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Nov 27, 2009

Fish farming seen driving food security

Aqua-farming,
Photo: Aqualine, Normway
EurActiv reports on 27 November 2009 that the EU has pledged to "increase the competitiveness of European aquafarming to meet a growing appetite for seafood, but policymakers stress that this must go hand-in-hand with farming to restore fish stocks."

As background, the article provides information on the state of global fisheries.  It emphasizes that Europe's demand for seafood has been met by the international trade in fish noting that "[u]p to 60% of the total value of the world catch comes from developing-country waters, meaning products of a high commercial value, such as frozen shrimps and tuna, are exported to developed countries." These fish exports valuable foreign exchange and "the UN fears that diverting fish and fish products away from local communities and developing regions may be depriving needy people of a 'traditionally cheap but highly nutritious food'."

The EU Commission "acknowledges that while EU support for the fisheries sector in developing countries has contributed to the industry's development, this aid has not had a significant impact on fighting poverty and achieving the UN's Millennium Development Goals of reducing poverty and hunger."

Therefore the EU executive is planning a review of its Common Fisheries Policy (CFP) to take better account of third countries' food security strategies. It will look at how aquaculture can satisfy the growing demand for seafood and contribute to food security. It will also look into the EU's Common Fisheries Policy (CFP) to subsidise the fisheries industry.  The European Commission has issued an April 2009 Green Paper on the topic.  It looks to present legislative proposals to member states by 2012 with the goal of implementing changes by 2013.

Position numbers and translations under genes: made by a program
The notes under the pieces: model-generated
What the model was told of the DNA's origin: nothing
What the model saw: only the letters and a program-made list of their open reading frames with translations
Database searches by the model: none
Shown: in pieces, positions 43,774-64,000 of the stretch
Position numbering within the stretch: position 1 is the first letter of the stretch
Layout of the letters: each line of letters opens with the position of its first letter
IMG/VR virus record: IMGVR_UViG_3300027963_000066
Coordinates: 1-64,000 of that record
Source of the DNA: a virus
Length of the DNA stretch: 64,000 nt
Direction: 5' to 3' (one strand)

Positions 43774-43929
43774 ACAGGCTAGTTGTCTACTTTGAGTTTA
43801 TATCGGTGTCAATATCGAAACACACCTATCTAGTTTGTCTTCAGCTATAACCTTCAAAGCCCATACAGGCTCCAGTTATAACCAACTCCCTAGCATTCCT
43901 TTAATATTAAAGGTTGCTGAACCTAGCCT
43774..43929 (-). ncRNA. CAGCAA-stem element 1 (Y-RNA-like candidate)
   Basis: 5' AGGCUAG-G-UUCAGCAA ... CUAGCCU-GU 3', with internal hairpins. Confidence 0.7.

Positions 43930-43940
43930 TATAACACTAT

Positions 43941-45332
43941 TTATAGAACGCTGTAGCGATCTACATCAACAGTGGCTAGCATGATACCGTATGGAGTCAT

The EU's position is geared towards encouraging the growth of aquaculture.  This industry has stagnated within the EU since 2000 with most growth coming from Asia and South America.  European demand growing and 60% of it has been met by imports. 

The article also notes that "[w]hile the impact of climate change on aquatic ecosystems, fisheries and aquaculture is still not fully understood, floods and droughts are expected to affect harvests. ... [however] climate change is already having an impact on Europe's seas by affecting the abundance and distribution of fish stocks.  ... the new CFP can help to facilitate climate change adaptation efforts in the marine environment."

Photo credit: Aqua-farming, Aqualine, Normway.

For more see: "Fish farming seen driving food security." EurActiv.com. 27 Nov. 2009.

About Margaret


CEO and Curator (The Food Museum) | Managing Director and Chief Editor (GR2 Global LLC) | Educator (UCLA PhD) | Researching and writing on global food issues, nutrition and health, sustainability, history (preservation), conservation (natural resources), and design.
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